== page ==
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The Australian dollar  was hit hard alongside stocks as Trump’s new suggested tariffs rocked markets quite hard. How low can it go? The Australian calendar is quite light, leaving room for trade to dominate the scene once again.  Here are the highlights of the week and an updated technical analysis for AUD/USD.

After the US had already detailed tariffs on $50 worth of goods on China and the latter announced it would retaliate, the Administration is considering additional duties on no less than $200 billion worth. The news rattled markets and triggered a sharp risk-off atmosphere, sending the Aussie to the lowest levels in over a year. RBA Governor Lowe did not add much in a panel conversation nor via the Meeting Minutes.

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AUD/USD daily graph with support and resistance lines on it. Click to enlarge:

  1. HIA New Home Sales: Timing yet unknown. The  Housing Industry Association reported a sharp drop of 4.2% in sales of new homes in April, the fourth consecutive fall. We could see an increase now.
  2. Private Sector Credit: Friday, 1:30. Credit in the Private Sector rose by 0.4% in April, as expected yet below the level in March. The number for April could be a repeat of May’s figure.

*All times are GMT

AUD/USD Technical Analysis

Aussie/USD started the week with fall that eventually extended below the 0.7375 level mentioned last week.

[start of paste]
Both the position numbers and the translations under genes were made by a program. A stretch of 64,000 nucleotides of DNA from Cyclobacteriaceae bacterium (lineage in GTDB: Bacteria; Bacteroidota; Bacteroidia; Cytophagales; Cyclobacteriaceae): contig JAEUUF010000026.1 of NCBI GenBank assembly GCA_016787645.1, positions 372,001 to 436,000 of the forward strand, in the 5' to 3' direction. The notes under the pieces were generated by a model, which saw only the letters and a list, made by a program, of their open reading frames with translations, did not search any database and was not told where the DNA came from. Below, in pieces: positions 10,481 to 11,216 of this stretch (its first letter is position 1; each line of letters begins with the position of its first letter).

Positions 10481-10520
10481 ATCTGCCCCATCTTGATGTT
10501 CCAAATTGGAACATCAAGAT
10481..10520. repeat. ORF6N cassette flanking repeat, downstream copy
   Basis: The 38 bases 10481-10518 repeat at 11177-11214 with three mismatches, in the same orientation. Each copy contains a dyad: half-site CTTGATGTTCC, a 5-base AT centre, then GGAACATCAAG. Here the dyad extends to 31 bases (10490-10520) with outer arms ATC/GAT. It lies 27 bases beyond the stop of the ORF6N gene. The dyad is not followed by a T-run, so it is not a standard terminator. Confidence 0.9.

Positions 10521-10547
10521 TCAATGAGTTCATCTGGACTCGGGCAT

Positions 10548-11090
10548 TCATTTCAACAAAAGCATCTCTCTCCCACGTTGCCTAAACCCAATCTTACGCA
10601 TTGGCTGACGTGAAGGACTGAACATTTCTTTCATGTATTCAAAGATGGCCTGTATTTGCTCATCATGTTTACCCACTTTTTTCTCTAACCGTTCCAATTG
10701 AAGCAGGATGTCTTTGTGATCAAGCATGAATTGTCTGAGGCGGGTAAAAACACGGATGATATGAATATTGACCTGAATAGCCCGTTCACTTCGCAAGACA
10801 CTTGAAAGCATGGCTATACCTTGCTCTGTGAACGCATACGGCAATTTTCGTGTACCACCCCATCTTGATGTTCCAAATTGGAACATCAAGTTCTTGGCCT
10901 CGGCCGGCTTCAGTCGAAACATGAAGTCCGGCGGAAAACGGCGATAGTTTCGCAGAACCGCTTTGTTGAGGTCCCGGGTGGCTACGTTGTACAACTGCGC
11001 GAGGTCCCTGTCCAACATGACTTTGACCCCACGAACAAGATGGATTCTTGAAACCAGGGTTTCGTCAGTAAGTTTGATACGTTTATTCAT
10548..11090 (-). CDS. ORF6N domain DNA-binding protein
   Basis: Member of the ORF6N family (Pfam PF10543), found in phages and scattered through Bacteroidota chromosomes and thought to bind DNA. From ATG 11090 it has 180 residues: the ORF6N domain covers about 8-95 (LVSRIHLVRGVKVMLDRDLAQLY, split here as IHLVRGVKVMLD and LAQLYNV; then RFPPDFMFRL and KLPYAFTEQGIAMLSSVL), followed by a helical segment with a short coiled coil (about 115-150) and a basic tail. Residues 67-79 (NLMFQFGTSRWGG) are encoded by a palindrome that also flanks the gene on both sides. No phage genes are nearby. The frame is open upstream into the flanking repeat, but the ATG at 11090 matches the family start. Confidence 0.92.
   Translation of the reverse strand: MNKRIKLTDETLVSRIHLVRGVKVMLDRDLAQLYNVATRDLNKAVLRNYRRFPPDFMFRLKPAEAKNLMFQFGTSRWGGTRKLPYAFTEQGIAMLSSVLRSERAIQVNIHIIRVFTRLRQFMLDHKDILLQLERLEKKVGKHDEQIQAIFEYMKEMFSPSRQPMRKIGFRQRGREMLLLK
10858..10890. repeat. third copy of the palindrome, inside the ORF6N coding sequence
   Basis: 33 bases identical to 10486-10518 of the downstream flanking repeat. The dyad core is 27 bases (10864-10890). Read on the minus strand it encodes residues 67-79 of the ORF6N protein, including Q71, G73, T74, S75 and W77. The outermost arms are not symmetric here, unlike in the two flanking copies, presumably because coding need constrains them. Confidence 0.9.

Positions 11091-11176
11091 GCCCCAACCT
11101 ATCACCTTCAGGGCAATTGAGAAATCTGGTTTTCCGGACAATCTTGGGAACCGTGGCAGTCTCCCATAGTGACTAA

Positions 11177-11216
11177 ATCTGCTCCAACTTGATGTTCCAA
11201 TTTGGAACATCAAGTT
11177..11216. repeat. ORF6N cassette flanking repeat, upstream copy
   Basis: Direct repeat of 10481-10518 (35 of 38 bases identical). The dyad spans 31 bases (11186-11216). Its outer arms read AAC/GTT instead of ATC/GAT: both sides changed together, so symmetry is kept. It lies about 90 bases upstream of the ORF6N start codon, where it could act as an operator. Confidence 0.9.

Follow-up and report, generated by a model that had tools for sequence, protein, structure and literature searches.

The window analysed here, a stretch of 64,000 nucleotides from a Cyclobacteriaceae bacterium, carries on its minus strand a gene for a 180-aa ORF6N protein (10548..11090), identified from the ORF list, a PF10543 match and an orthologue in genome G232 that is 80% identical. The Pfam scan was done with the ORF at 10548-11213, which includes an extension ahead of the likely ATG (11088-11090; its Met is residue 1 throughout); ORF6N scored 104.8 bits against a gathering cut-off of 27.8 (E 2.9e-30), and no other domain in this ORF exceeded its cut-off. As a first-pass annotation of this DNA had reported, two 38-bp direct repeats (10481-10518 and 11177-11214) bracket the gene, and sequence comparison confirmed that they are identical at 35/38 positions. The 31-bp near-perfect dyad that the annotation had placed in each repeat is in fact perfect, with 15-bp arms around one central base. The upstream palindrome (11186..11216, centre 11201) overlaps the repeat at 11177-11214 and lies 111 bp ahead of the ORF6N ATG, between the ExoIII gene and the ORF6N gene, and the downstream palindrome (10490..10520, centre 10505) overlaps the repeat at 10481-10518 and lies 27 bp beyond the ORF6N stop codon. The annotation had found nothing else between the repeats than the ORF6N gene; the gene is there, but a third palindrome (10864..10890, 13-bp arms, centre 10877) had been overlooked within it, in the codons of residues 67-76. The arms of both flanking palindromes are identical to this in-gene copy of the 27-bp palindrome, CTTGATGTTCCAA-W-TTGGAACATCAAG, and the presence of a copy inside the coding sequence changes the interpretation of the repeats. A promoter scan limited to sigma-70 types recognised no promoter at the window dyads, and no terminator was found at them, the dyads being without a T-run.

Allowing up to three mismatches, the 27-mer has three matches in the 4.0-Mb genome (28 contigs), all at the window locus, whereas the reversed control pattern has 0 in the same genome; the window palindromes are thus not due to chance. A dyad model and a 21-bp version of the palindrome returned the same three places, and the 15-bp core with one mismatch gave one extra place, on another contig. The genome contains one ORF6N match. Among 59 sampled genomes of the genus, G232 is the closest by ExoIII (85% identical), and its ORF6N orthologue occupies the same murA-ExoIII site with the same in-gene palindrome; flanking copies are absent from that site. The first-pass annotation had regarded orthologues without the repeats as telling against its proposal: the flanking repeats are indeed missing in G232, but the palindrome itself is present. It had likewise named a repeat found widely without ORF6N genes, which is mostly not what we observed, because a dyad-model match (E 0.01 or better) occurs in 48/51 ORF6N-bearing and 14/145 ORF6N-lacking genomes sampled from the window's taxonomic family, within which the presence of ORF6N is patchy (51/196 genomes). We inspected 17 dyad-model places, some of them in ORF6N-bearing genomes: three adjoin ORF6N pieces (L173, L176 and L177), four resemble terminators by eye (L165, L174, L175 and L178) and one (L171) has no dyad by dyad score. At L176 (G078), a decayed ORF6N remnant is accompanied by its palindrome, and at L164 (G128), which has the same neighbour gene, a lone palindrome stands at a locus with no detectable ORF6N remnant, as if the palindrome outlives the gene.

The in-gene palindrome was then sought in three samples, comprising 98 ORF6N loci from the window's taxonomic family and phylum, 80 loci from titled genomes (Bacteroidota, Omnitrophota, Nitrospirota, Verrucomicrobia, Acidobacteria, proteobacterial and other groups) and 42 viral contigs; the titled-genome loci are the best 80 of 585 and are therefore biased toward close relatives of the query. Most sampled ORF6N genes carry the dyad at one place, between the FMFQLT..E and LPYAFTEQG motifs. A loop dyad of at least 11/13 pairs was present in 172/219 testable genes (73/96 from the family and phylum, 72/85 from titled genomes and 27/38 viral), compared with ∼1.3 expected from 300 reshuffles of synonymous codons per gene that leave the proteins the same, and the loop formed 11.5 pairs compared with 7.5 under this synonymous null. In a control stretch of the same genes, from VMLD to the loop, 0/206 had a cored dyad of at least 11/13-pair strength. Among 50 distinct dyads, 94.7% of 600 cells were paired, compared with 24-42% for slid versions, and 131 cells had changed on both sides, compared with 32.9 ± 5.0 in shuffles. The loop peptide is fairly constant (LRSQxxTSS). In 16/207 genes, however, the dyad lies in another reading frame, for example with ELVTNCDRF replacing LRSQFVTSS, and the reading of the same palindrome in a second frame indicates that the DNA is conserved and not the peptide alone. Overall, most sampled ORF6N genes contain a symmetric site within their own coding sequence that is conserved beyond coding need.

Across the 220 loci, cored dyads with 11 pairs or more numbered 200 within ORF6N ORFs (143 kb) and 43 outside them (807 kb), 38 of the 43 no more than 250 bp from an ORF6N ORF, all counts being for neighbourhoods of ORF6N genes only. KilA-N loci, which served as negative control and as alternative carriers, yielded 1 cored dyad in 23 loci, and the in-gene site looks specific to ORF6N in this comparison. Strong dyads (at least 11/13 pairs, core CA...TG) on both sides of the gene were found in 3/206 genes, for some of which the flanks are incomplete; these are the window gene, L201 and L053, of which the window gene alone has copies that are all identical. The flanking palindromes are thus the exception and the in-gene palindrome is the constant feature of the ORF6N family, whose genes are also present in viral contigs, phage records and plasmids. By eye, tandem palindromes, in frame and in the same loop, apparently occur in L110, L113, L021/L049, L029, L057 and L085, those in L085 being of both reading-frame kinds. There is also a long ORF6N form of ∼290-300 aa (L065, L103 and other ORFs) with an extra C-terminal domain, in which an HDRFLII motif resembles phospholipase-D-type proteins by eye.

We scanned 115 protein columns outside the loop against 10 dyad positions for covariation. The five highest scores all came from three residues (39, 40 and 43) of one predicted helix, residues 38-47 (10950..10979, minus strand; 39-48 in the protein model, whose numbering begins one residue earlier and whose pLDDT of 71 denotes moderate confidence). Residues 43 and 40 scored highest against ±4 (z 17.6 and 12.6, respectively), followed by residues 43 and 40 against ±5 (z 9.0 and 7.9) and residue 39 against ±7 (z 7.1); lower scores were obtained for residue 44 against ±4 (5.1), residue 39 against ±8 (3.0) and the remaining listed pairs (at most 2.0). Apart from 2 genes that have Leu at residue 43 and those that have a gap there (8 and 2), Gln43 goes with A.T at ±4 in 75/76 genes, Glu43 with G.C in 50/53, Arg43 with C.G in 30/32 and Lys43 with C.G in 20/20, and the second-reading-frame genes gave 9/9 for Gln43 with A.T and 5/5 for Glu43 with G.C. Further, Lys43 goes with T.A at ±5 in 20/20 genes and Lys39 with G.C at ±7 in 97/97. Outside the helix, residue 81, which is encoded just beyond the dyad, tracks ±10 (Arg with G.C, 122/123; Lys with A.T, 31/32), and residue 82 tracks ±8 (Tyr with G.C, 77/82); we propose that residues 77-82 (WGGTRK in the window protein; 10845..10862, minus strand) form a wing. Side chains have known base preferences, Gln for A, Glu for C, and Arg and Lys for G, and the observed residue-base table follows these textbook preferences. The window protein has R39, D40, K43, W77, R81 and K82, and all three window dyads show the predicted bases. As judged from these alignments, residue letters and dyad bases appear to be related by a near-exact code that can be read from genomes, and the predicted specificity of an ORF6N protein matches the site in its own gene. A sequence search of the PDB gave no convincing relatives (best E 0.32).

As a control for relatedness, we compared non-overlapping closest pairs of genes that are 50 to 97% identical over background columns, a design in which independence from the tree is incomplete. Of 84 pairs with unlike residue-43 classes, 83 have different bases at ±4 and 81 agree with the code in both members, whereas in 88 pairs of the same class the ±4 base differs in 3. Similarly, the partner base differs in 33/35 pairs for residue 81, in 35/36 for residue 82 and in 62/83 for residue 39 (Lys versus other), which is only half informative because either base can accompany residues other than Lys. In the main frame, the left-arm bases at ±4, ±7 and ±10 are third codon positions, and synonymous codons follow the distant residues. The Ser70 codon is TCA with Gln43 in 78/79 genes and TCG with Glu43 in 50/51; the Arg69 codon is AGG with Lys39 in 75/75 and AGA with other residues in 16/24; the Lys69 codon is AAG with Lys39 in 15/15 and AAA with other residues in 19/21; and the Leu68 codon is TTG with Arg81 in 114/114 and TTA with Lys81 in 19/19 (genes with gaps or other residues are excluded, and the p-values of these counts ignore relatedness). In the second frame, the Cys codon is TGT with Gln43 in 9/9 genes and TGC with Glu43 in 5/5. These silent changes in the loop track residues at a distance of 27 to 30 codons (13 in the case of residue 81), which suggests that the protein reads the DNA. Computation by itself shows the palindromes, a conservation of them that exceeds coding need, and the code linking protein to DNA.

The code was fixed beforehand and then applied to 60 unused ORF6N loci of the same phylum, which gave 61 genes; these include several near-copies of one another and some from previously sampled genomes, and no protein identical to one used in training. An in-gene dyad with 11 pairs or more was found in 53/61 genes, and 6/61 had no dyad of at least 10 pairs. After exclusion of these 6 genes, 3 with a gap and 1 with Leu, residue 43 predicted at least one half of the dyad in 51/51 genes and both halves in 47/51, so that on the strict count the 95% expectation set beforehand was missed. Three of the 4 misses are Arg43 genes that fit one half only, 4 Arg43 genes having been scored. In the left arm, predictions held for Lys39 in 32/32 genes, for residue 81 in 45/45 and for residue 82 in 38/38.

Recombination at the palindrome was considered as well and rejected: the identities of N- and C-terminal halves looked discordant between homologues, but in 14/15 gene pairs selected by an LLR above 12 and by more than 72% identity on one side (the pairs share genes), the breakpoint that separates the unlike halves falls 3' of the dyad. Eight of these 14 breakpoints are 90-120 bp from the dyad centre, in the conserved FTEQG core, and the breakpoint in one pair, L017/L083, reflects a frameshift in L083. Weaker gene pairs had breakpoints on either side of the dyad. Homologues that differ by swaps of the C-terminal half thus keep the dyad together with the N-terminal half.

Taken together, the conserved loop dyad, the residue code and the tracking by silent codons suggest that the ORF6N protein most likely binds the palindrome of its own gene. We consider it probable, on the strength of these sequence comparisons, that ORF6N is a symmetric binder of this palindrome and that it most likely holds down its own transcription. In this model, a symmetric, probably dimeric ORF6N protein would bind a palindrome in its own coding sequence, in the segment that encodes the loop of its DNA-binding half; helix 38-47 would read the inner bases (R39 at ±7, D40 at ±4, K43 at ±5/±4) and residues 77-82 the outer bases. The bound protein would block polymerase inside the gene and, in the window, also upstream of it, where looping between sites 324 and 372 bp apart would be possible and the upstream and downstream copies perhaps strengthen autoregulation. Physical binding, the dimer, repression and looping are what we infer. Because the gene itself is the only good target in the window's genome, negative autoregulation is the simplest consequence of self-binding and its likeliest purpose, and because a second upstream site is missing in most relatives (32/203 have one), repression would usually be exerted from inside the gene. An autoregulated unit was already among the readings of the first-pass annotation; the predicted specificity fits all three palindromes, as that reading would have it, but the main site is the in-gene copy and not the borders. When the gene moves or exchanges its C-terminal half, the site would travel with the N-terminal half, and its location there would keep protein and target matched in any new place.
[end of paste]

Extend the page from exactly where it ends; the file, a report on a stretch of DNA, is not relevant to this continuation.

Technical lines from top to bottom:

Further below, 0.7640 was a stubborn cushion in March and April. The fall below this line proved its strength. 0.7610 was the peak of an upwards move in late May.

0.7560 is the next level to watch after it was the recovery level in early May. 0.7520 was a swing low in late May.

0.7470 was an initial low in late April and it is followed by 0.7410, an old line from 2017. Further down, 0.7375 is notable.

0.7325 was a support line back in May 2017 and is now coming into play. 0.7250 served as a pivotal line in early 2017 and the last line to watch is 0.7160 that was the swing low back then.

I remain bearish on AUD/USD

While the Australian economy is doing alright, the trade war between the world’s  two largest economy  catches Australia in the middle. There are no immediate indicators pointing to an optimistic scenario.

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